The media seem to move on from mass killings more quickly nowadays than they used to, and within three days of the Aurora, Colo., cinema massacre the killer’s first appearance in court didn’t make the front of The New York Times. Denying him notoriety was fine with me, but once the stories of heroism and sacrifice were told and the dead were memorialized, there seemed little interest in learning anything from the shooting of 70 people who had little in common beyond the movie they had come to watch.
Once, slaying 12 innocents would have touched off a national wave of introspection and debate, and it’s hard to resist the scary conclusion that such horrors have quietly come to be accepted as part of our society’s overhead, a cost of doing business. Still, what’s remarkable is that so little attention has gone to the obvious irony that the killer was acting out much the same slaughter that was being portrayed on the multiplex screen.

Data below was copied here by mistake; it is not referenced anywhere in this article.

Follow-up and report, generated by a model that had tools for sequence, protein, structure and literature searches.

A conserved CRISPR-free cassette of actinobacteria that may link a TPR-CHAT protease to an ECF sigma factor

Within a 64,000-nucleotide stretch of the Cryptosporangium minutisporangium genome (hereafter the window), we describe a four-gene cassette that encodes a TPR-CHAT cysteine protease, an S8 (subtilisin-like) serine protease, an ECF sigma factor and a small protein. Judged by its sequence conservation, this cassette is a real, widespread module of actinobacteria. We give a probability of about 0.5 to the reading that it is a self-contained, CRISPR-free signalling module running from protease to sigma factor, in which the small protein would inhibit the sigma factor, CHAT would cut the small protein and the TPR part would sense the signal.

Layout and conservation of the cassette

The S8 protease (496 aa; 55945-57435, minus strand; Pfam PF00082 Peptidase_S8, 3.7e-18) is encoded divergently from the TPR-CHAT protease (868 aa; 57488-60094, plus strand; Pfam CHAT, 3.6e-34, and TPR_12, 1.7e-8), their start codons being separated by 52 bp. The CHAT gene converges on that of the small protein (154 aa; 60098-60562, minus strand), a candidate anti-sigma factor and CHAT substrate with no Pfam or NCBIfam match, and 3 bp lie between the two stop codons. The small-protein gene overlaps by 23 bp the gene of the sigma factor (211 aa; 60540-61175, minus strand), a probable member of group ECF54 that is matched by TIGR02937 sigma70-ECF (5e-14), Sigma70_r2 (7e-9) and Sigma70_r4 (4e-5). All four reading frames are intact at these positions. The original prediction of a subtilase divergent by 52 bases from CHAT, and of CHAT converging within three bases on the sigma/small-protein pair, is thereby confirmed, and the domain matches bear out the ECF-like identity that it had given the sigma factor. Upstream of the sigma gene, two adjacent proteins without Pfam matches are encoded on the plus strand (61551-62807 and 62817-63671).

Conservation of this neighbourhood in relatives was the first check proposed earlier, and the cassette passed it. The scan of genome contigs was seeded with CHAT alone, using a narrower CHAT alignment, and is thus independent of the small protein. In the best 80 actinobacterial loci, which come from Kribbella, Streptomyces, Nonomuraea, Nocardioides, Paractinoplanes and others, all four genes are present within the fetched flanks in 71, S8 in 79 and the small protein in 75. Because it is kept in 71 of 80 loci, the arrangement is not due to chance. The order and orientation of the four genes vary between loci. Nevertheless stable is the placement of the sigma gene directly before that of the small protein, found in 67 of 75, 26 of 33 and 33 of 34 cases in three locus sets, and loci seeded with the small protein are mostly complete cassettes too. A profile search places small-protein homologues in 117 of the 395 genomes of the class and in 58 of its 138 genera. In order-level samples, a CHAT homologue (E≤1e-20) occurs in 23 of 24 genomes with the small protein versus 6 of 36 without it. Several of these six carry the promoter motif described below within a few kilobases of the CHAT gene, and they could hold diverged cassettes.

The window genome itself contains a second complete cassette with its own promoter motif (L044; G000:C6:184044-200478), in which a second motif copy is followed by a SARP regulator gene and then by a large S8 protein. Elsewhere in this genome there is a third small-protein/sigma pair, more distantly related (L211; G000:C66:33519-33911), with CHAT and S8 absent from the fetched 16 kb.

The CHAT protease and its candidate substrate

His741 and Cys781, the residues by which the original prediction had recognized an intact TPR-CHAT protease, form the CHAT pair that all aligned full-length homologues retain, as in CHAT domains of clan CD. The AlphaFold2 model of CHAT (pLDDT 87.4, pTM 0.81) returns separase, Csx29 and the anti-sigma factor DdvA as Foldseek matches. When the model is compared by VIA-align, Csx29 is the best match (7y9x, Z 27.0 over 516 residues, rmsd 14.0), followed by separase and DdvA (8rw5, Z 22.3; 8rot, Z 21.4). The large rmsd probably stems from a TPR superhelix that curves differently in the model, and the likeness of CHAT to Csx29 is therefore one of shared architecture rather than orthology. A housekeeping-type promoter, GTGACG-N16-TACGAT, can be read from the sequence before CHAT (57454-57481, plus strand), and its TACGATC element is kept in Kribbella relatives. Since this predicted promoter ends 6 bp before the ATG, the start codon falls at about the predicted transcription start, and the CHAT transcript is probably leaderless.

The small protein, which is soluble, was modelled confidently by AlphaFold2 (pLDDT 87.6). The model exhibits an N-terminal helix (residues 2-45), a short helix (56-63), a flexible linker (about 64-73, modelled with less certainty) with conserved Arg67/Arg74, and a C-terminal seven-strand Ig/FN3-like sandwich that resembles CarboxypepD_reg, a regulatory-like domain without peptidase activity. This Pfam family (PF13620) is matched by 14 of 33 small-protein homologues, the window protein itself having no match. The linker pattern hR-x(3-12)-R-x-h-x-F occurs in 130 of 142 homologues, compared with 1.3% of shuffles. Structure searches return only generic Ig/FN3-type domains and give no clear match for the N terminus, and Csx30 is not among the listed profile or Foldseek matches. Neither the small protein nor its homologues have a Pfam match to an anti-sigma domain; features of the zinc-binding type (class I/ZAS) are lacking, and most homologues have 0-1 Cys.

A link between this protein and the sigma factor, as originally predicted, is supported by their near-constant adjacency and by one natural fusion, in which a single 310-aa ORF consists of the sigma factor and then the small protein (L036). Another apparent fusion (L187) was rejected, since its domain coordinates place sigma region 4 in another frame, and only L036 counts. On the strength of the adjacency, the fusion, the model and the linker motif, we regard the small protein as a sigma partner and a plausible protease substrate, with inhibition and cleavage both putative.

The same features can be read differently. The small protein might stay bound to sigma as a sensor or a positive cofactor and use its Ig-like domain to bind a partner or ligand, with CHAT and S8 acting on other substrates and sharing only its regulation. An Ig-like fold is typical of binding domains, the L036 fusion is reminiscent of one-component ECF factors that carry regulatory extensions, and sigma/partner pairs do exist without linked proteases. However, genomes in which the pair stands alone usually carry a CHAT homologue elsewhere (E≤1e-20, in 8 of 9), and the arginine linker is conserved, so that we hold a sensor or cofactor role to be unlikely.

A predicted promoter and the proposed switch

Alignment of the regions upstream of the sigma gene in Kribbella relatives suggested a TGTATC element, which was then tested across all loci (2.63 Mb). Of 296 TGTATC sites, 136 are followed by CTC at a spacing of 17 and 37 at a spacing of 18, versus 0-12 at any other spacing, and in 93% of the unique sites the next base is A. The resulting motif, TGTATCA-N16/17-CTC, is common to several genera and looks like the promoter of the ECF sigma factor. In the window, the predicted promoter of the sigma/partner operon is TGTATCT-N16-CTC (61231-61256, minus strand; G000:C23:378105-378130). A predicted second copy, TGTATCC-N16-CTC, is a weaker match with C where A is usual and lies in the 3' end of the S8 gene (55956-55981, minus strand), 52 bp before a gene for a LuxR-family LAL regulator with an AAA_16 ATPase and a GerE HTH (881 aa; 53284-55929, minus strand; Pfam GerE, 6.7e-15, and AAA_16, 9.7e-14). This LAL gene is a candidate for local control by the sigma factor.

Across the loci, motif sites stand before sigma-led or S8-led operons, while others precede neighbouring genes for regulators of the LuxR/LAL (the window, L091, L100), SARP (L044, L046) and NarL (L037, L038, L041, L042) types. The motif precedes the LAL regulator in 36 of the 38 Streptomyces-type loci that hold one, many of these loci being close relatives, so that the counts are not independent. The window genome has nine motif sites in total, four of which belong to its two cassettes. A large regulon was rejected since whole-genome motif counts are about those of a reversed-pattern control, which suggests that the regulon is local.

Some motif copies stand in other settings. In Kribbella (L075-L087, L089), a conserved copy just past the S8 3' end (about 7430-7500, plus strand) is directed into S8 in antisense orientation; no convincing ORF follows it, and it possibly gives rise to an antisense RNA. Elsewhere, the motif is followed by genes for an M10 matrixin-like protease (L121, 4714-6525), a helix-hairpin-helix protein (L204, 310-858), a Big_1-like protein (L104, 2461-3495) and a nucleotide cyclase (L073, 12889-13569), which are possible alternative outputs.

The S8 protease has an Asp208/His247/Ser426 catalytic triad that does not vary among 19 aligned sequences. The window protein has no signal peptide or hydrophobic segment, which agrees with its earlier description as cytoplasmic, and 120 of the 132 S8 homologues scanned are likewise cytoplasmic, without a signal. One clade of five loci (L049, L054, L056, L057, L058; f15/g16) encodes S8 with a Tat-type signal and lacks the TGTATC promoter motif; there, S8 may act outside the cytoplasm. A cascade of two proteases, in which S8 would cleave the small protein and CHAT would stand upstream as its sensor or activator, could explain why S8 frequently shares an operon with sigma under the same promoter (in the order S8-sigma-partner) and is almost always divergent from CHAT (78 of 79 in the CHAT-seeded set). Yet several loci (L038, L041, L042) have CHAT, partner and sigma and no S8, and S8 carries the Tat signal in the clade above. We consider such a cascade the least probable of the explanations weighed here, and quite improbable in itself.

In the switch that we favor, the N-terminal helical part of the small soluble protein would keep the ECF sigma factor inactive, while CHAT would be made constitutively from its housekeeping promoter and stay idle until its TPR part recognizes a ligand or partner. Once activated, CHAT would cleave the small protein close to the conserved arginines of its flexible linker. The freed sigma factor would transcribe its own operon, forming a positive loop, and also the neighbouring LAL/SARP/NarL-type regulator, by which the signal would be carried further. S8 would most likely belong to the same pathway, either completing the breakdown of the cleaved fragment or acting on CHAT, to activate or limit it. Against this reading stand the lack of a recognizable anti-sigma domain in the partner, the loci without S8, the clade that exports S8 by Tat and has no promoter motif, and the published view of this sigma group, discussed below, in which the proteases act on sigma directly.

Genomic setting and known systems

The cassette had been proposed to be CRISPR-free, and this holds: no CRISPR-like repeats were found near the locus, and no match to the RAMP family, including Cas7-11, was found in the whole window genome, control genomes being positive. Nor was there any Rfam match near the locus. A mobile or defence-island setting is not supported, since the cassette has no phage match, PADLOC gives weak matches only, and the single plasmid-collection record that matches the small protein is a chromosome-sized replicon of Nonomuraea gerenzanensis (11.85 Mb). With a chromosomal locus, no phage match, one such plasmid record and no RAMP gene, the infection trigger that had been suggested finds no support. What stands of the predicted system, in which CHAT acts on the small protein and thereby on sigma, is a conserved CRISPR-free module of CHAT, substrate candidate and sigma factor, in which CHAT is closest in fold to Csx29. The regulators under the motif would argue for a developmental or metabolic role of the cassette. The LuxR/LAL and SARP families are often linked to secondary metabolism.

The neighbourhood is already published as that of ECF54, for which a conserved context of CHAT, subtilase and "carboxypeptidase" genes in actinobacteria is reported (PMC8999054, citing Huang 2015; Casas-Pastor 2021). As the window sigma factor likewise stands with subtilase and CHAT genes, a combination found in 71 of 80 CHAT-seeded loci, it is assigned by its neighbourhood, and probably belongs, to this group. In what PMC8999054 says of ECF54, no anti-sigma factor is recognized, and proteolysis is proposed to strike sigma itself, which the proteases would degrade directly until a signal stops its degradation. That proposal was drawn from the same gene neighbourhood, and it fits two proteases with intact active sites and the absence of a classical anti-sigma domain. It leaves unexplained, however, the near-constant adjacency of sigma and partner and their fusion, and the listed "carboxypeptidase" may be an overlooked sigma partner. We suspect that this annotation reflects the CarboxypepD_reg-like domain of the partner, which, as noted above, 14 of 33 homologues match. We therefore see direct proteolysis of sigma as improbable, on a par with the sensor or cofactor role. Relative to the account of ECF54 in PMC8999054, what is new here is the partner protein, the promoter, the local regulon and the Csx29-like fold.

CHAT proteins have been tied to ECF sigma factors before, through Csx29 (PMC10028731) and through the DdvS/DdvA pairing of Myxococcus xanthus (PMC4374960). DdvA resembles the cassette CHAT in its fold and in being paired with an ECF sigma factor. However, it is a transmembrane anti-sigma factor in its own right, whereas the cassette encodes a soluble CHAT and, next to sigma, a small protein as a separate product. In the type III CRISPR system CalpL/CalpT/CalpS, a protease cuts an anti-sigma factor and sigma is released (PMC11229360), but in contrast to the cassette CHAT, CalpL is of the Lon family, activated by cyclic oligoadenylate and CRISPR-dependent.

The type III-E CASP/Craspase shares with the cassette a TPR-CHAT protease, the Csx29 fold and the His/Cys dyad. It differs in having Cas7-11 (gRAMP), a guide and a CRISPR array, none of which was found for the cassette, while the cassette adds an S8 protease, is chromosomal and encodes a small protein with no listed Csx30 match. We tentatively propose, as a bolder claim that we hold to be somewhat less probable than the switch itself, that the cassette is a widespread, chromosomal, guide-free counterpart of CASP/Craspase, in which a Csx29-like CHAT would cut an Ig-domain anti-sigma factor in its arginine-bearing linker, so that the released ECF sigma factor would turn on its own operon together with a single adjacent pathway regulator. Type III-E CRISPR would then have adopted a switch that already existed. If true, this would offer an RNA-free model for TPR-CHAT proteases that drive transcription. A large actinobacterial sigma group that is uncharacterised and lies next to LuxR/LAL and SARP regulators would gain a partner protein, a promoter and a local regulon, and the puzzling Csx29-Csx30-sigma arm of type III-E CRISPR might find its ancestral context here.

Raising the issue of media violence feels like indulging in some ancient controversy from the 1970s, and that’s too bad. I think we need to foreground the pop-cultural side of the killings, specifically the ways that Hollywood has drifted in recent years toward sanctifying firearms as the most powerful means of self-validation in action films, the go-to remedy for most wrongs, real and imagined, the universal vehicle of catharsis, cleansing, rectification.
Face it, the most dangerous promoter of gun violence in contemporary society isn’t the gunmakers or the National Rifle Association, it’s Hollywood. Movies are how guns are exhibited, marketed and sold. When did you last see an advertisement from Glock or Ruger or Smith & Wesson? Unless you read a specialty magazine, never.
That’s because the market for firearms isn’t widened and regenerated through consumer advertising. They’re marketed through lurid, breathtaking portrayals of gun violence, lovingly depicted in harrowing Continue reading “Killing as a cinematic art form”